Stylish minimalism at the Arctic Circle
In the mountains of Kandalaksha, a small Russian town on the Kola
Peninsula, a lone DublDom modular house defies the Arctic temperatures. Surrounded
by white hills, it provides hikers, skiers and nature lovers with unique
accommodation in the Arctic Circle.
In order to erect this miniature house, the DublDom modules had to be
delivered by helicopter: the remote terrain on Mount Volosyanaya is too
impassable for trucks. Thanks to the efficient planning of
Moscow-based BIO Architects – the preparations took an entire year – only two
flights were required and the house was installed at its final destination
after just 45 minutes. Resting on six stilts, it seems to float above
the ground and radiates a natural lightness that is echoed in the kitchen by
Grohe’s Concetto mixer.
Minimalist design with highly convenient benefits
The modular structure blends in unobtrusively with the landscape. Inside
and out, it is designed to cope with the challenging thermal requirements posed
by the Russian wilderness. Measuring approx. 26 square metres, the modern
interior is optimally equipped to meet people’s needs in the mountains. Its small
footprint provides visitors with everything they need for an unforgettable stay
in the Arctic Circle.
In the sink area of the compact kitchen, the high arched spout of the
Concetto kitchen mixer from Grohe ensures the greatest possible flexibility of
use. At the same time, the variant with a convenient pull-down spray head
increases the range of action when cooking and washing up. Besides
bunk beds, the interior of the house is also equipped with a gas hob with two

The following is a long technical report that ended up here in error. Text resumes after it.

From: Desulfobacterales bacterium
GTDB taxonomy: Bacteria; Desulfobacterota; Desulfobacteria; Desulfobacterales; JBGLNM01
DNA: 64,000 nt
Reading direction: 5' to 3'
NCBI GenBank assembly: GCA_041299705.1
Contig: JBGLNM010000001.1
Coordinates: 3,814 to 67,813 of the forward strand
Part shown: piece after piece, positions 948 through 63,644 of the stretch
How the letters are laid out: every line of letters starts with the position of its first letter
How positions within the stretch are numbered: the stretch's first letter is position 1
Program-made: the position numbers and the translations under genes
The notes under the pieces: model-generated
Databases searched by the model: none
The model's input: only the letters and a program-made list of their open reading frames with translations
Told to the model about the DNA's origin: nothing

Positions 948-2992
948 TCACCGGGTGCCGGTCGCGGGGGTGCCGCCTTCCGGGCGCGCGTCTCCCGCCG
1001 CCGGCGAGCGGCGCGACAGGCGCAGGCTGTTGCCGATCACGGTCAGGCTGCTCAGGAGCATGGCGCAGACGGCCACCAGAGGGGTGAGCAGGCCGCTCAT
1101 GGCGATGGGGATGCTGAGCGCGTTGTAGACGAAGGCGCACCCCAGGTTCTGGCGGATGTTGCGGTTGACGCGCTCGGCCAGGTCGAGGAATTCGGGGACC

burners, a large dining table and a bathroom with a shower and composting
toilet. Also available: 3G internet access.
Not just a simple mountain cabin
Within a year, Moscow-based BIO Architects planned an impressive
combination of standard DublDom modules, high-tech materials and coatings that
protect the minimalist house from high wind loads and enable it to withstand
any weather. The insulation consists of polyurethane foam and a well-conceived, self-sufficient
energy concept puts the finishing touches to this very special lodging: during
the day, a solar array and generator provide the cabin with electricity. At night or
when temperatures are particularly low, a wood-burning stove ensures the occupants
stay comfortably warm and cosy.
The south-facing panoramic window commands an unforgettable view of the
tundra, the Kandalaksha Gulf in the White Sea and – when the conditions are
right – the Northern Lights. So as not to distract from this spectacular
sight, the architects deliberately chose a subdued colour scheme for the entire
Travellers who venture into the solitude of the Russian peninsula can
look forward to numerous winter activities like snowmobiling, hiking and skiing
tours. In summer, visitors to Kandalaksha can enjoy the area’s numerous bike
trails and waterways, as well as sailing.